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Transition Member: Jo Lally

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Jo Lally is a narrative jeweller with a passion for gemstones, especially included quartzes. The stories she tells through her jewellery often deal with the play between the hidden and the visible, and the tension between the acts of revealing and obscuring.After focusing on jewellery, inspired by cartoons during her MA in Jewellery at UCA Farnham from 2016-2018, Jo is currently exploring the tactile and visual properties of materials and questioning what it means to have materiality. She is also returning to her love of unusual gemstones. Jo is a Fellow and Diamond Fellow of the Gemmological Association of Great Britain.

Jo’s work incorporates Silver, Gold, stones, words, found objects and technical materials. She takes an ethical, sustainable approach to making.

Since 2019, Jo has been Editor of Findings, the magazine of the Association for Contemporary Jewellery. She is on the point of submitting a proposal for a book, Exploring Contemporary Jewellery, too.

“The stories she tells through her jewellery often deal with the play between the hidden and the visible.”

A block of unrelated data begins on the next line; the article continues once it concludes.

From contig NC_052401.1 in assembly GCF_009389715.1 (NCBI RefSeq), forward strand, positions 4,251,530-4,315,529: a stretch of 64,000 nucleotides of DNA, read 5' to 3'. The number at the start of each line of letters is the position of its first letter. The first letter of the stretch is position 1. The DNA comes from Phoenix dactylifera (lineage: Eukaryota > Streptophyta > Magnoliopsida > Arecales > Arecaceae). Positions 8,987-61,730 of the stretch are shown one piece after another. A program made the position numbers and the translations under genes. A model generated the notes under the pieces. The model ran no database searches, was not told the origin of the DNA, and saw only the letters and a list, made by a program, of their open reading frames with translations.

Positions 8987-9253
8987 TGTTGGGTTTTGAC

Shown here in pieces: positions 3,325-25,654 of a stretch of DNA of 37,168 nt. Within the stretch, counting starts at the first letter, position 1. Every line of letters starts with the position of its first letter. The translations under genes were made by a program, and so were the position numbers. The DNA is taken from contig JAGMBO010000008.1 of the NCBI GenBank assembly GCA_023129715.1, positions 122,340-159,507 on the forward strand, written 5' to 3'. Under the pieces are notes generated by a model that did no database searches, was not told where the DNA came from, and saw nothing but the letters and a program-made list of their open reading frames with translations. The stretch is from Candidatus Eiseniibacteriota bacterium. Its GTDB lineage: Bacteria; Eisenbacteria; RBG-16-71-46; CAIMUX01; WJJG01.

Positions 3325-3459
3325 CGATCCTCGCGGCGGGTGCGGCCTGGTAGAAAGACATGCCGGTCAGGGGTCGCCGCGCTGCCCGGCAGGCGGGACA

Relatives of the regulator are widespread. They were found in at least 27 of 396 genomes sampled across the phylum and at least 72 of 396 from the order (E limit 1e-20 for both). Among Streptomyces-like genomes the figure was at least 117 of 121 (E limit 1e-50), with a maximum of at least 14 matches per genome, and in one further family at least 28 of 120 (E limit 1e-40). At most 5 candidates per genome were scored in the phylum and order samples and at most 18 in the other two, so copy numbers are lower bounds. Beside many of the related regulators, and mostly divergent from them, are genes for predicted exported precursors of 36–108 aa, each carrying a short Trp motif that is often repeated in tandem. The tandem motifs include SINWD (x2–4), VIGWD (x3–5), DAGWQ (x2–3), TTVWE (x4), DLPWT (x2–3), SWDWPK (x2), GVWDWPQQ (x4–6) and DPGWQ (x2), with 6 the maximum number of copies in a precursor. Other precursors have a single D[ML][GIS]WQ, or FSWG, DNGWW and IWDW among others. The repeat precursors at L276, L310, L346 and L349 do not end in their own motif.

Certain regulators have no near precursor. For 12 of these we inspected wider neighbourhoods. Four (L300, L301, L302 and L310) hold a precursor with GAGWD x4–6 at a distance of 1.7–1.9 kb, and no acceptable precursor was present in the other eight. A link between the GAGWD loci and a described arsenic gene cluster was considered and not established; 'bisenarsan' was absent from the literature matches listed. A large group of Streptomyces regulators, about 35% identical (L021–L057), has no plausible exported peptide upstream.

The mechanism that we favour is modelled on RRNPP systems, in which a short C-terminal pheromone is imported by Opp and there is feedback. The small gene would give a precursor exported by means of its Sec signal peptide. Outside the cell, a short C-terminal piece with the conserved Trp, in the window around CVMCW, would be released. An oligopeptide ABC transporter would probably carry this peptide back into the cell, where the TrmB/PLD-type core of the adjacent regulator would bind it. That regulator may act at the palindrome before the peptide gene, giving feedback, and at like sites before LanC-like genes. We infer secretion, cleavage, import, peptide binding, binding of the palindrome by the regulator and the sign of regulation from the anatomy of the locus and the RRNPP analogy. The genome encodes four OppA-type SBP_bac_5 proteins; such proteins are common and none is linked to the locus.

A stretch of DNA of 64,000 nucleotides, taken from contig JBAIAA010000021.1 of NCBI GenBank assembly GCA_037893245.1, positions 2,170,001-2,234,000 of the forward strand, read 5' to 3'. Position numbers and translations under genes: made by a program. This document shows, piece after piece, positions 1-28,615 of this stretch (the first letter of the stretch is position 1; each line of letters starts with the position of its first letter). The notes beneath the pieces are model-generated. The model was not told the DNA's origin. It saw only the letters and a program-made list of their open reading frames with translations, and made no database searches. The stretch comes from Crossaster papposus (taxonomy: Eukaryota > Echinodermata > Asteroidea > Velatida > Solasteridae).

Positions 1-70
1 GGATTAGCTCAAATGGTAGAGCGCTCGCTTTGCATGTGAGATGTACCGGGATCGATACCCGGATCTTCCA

I am currently exploring the tactile and visual properties of materials and questioning what it means to have materiality – for instance, do words have materiality? Are they a material we can work with? And if so, how can they be combined with Gold, Silver, stones, copper foam and reactive metals such as titanium and tantalum?

What about light? I sometimes feel that if I could work directly with light and give it shape and tactility, I would, but the next best thing is creating jewellery that plays with light in ways that make light seem to be one of the materials used.  

Stones often have wonderful optical properties that can be exploited – some gemstones almost seem to be made of light, or to be pure red, blue or green. Included quartzes, which can be stunning miniature worlds or tiny artworks, play a wonderful game with light. They simultaneously reveal and conceal – sometimes it is the very reflection of white light from an inclusion which reveals that it is present, yet also conceals the inclusion behind the whiteness of the reflection. This property fits well with my underlying fascination with the hidden and the visible, the concealed and the revealed.

Reactive metals such as Titanium and Tantalum can be coloured with heat or electricity.  This creates layers of oxides, which reflect the light back at certain wavelengths, corresponding to particular colours. So, it seems to me, to be an open question, whether I am playing with the properties of the metal or exploring the reactions of the light.

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